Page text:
The people of Panama consider the Panamanian Golden Frog as a symbol of their good fortune. The Panamanian Golden Frog is the national animal of Panama. The Panamanian Golden Frog is biologically known as Atelopus zeteki. Although the Panamanian Golden Frog apparently seems like a species of frog but its binomially considered as a “true toad” (Bufonidae). The Panamanian golden frog prefers semaphoring over vocalization; semaphoring is a hand-wave used to grab the attention of other frogs. Atelopus zeteki or the Panamanian Golden Frog is listed as critically endangered by IUCN.
The Panamanian Golden Frog prefers to inhabit in the tropical forest regions, particularly on mountains, near the water bodies. In the wet tropical forests which are ideal for their growth, the male can grow to 48 mm and weigh up to 12 g, and the female can be as large as 63 mm and weigh up to 15 g. Panamanian golden frog population is on the verge of extinction, and the species is listed as critically endangered. Some experts believe the frog to be extinct in the wild.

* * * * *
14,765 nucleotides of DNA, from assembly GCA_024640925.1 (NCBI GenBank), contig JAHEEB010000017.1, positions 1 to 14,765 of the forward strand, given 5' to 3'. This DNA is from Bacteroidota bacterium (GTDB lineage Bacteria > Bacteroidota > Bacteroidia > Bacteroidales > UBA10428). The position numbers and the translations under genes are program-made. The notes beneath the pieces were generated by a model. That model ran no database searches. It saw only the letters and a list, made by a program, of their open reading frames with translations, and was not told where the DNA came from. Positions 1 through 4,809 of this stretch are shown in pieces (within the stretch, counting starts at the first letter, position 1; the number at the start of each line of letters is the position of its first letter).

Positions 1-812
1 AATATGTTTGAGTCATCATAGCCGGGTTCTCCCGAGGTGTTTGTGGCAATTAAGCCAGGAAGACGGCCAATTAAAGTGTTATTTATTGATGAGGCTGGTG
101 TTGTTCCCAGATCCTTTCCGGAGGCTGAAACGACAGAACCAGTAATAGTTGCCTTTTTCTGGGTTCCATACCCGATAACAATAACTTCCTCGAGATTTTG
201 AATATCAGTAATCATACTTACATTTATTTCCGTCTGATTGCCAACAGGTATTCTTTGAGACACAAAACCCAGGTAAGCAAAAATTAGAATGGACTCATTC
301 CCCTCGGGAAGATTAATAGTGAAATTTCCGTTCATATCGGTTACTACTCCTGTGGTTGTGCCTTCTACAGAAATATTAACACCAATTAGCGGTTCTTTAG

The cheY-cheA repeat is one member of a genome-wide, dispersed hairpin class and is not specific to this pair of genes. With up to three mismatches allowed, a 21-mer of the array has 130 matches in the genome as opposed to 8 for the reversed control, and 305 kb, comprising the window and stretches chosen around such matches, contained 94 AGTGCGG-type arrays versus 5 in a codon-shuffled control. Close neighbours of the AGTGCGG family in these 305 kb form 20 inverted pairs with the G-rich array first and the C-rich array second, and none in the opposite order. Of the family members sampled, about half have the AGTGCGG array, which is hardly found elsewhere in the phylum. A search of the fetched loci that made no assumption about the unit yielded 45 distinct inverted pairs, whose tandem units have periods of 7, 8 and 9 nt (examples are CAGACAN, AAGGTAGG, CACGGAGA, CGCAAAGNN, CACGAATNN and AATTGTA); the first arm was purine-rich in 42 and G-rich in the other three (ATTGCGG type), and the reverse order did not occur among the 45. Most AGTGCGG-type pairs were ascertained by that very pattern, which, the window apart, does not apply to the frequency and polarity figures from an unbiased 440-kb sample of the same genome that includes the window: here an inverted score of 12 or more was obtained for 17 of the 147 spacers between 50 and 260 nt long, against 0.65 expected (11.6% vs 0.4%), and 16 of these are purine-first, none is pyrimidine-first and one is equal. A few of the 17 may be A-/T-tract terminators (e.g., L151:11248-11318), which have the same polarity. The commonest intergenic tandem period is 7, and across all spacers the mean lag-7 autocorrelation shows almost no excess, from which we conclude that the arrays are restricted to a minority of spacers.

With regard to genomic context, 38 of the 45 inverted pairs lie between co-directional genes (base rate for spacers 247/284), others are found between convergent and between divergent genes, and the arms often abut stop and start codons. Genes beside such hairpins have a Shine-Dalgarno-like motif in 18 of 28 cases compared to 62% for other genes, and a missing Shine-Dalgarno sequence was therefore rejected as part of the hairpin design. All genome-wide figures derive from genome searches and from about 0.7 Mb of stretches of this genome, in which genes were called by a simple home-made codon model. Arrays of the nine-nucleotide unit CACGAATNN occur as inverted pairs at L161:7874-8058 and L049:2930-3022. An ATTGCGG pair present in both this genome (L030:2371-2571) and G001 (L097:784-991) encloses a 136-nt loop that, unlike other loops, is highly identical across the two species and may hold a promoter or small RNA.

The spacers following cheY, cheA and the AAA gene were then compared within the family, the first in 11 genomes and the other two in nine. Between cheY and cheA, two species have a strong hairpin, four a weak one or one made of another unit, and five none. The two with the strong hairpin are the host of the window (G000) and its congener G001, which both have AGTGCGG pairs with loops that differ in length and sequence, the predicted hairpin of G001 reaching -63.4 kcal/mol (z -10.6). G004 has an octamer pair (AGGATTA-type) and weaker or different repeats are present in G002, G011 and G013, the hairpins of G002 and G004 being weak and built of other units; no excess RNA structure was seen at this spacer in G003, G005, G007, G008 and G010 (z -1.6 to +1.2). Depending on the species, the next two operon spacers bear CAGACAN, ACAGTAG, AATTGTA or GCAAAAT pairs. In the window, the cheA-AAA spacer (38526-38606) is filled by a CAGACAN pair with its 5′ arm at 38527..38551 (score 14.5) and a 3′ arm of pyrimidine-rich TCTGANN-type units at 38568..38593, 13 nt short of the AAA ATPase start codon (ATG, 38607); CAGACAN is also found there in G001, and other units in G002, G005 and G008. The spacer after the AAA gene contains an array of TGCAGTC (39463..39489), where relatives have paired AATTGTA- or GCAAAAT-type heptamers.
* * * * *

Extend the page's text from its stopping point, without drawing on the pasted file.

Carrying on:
Another amazing feature of the Panamanian Golden frog is the production of toxins in their skin that make them noxious meals for predators. Panamanian golden frogs are insectivores. They feed on a wide variety of small invertebrates in the forests near their streams. The Panamanian Golden frogs are sexually dimorphic and in the season of mating the females deposit light-sensitive eggs. They hide their egg clutches in dark crevices under rocks to avoid exposing the developing eggs to light.
The Panamanian Golden Frog has the great significance in the culture of Panama. A great local myth associated with the Panamanian Golden Frog is of turning of it into gold after death. The greatest threat to the population of the Panamanian golden frogs in the wild is habitat loss and other human activities such as illegal collection for the pet trade.